Thursday, May 24, 2007

Riddle Me This (2)

1) Prior to Seth's doctoral comprehensive exams:

Mom: What did you guys do last night?

Me: Well, I stayed up and read while Seth studied. He was burnin' the midnight hour, let me tell ya.

Mom: Oh, really?....?

2) After Seth passed his doctoral comprehensive exams:

Seth: Man, I am SO glad those are over.

Me: Yeah, no kidding. But I'm really proud of you. I mean, you worked hard, really put the iron to the...oh wait,
this isn't gonna be right...iron to the mill?

I caught myself that time.


Brody Harper said...

I think only people from Texas talk that way.

SandinaJ said...

Isn't it "Burning the midnight oil"?

I'm not sure what you put the iron to...but I do know you can "keep your nose to the grindstone." Or maybe he was "keeping several irons in the fire."

I love that I'm not the only one that gets idioms mixed up. That's why they created Google!

euphrony said...

Have you thought about investing in an idiom reference book?

truevyne said...

Oh, no. Not another like me. My husband says I speak my own language which he has dubbed Pamease. I say make it up as you go!

FancyPants said...

Brody, you might be on to something there.

San, "Burning the midnight oil" is correct! I think I got it confused with that song, "I'm gonna wait till the midnight hour..." or however it goes. And I really have NO idea what I meant to say for #2. Grindstone sounds right....

Euph, that's no fun.

Truevyne, make it up as you go. I like it!

kddub said...

You are texan? I thought you were british for some reason, I guess because you say, "fancied", and "bloke"

I love how you mess up those phrases! I am sure I would too if I tried to say them.... I can't quote biblical refrences because I do the same thing, but fortunately my husband just somehow knows what I am talking about.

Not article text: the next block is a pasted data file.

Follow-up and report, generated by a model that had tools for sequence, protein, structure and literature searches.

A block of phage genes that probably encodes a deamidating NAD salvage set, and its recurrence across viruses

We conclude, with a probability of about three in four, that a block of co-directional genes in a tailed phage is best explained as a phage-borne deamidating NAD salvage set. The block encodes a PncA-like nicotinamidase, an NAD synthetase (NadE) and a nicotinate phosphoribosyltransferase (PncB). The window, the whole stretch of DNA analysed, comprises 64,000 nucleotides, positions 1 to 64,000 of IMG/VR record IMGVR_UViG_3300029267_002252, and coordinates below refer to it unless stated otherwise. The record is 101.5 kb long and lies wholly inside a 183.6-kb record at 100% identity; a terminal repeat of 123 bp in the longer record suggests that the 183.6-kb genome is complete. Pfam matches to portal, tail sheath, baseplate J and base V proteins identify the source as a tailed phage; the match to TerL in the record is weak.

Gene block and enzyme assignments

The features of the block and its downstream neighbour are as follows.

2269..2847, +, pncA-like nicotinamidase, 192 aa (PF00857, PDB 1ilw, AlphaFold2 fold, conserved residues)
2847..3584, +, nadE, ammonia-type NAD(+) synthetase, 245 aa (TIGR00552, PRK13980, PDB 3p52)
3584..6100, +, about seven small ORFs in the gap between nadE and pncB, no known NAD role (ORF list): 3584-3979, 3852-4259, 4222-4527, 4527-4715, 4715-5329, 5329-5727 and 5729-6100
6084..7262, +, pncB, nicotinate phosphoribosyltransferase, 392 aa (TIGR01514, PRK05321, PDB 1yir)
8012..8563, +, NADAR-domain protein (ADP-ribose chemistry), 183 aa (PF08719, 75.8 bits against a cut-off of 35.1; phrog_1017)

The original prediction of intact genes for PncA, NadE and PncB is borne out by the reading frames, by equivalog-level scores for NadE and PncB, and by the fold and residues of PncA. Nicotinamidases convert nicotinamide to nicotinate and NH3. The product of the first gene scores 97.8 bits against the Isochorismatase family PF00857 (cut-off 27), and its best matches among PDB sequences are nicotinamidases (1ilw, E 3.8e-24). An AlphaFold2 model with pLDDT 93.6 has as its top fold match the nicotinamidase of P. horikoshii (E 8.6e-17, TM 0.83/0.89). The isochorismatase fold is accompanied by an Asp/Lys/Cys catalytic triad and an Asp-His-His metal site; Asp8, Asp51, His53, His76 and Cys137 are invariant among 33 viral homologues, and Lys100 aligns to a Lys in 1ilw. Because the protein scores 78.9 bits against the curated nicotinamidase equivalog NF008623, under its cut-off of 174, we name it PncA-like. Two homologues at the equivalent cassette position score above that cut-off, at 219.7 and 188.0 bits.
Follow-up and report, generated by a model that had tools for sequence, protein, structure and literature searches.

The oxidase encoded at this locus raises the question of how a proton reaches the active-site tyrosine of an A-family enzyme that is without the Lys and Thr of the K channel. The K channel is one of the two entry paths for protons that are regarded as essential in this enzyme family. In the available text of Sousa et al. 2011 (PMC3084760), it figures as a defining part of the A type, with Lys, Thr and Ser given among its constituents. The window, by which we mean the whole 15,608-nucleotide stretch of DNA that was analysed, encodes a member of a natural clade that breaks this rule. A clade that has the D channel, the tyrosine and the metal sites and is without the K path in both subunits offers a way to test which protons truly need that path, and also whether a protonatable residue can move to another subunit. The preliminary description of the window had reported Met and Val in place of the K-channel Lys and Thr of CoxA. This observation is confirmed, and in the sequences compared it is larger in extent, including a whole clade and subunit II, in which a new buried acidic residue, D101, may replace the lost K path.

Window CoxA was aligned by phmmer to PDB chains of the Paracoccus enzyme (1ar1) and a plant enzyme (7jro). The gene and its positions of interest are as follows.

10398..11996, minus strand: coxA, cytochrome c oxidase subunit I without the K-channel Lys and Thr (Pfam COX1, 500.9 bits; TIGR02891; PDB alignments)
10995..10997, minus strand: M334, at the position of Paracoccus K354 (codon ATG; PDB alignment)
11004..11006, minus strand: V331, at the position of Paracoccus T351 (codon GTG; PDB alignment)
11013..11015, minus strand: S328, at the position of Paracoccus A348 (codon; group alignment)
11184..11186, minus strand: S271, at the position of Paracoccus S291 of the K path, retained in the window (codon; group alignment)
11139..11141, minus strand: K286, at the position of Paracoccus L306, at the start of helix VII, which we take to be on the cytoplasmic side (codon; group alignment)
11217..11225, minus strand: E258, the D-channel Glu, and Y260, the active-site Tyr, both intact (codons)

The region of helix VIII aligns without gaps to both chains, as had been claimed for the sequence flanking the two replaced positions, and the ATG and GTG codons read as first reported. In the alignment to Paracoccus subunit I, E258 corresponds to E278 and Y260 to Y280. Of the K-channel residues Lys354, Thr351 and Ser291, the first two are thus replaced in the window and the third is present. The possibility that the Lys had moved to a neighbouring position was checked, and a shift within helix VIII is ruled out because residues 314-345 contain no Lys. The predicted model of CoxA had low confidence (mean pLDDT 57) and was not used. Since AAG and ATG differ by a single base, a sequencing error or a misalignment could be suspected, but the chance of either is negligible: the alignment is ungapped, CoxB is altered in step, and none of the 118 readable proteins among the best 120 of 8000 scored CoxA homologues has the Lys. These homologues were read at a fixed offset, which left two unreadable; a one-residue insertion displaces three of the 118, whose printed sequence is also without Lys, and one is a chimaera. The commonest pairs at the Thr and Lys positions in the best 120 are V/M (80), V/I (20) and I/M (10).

You could always justify your phrases and say, well it's true isn't it, he's burning the midnight hours away..... oil isn't relative to now-adays anyways...

Rob said...

Had a guy at work say. "It's time we put our leg down and made them stop..."

I smiled and thought of you. :-)

FancyPants said...


That's hilarious. I'm not very British at all. I don't even sound British when I try to sound British (which I attempt on occasion....?). If I were to ever play a British character in a show, I'd have my work cut out for me.

I was born in Oklahoma and raised mostly in Texas. The British inflections in my writing must be either of two things. 1) Me being silly 2) Me being a nerd.

Both possibilities highly plausible.

FancyPants said...


San, "keep your nose to the grindstone" is what I meant! That phrase means: to continue to work very hard, without stopping.

But I got it confused with "have your axe to the grind" which means: Have a dispute to take up with someone or, to have an ulterior motive/ to have private ends to serve......which is obviously the wrong phrase.

But somewhere in the crevices of my brain, I took "grind" in "grindstone" in the proper phrase, which I then associated with "axe" from the wrong phrase, which I then associated with "iron" from my made up phrase. "iron to the mill" is an association to the book, "Life in the Iron-Mills" by Rebecca Harding Davis that I read in college.

There you have it. San, you win the imaginary prize.

KD, if you can justify "iron to the mill" you get an imaginary prize, too.

Rob, someone should correct that guy at your work. I would have been cracking. up. Was it in an important meeting or anything? THAT would have been hilarious.

kddub said...

yeah the whole british thing, I realized must be because whenever I see a word that sounds british to me I say it with that accent in my brain. I'm the nerd...

I have a friend who is from Tulsa, OK! So it's more likely that you say things like, "holler" and "yall" right?

Iron to the mill.....hmmm....yeah... that doesn't make sense.... :)

FancyPants said...




"that there"

Although I have relatives whose vocabulary is flavorful in that respect.

"y'all".....yep, you bet.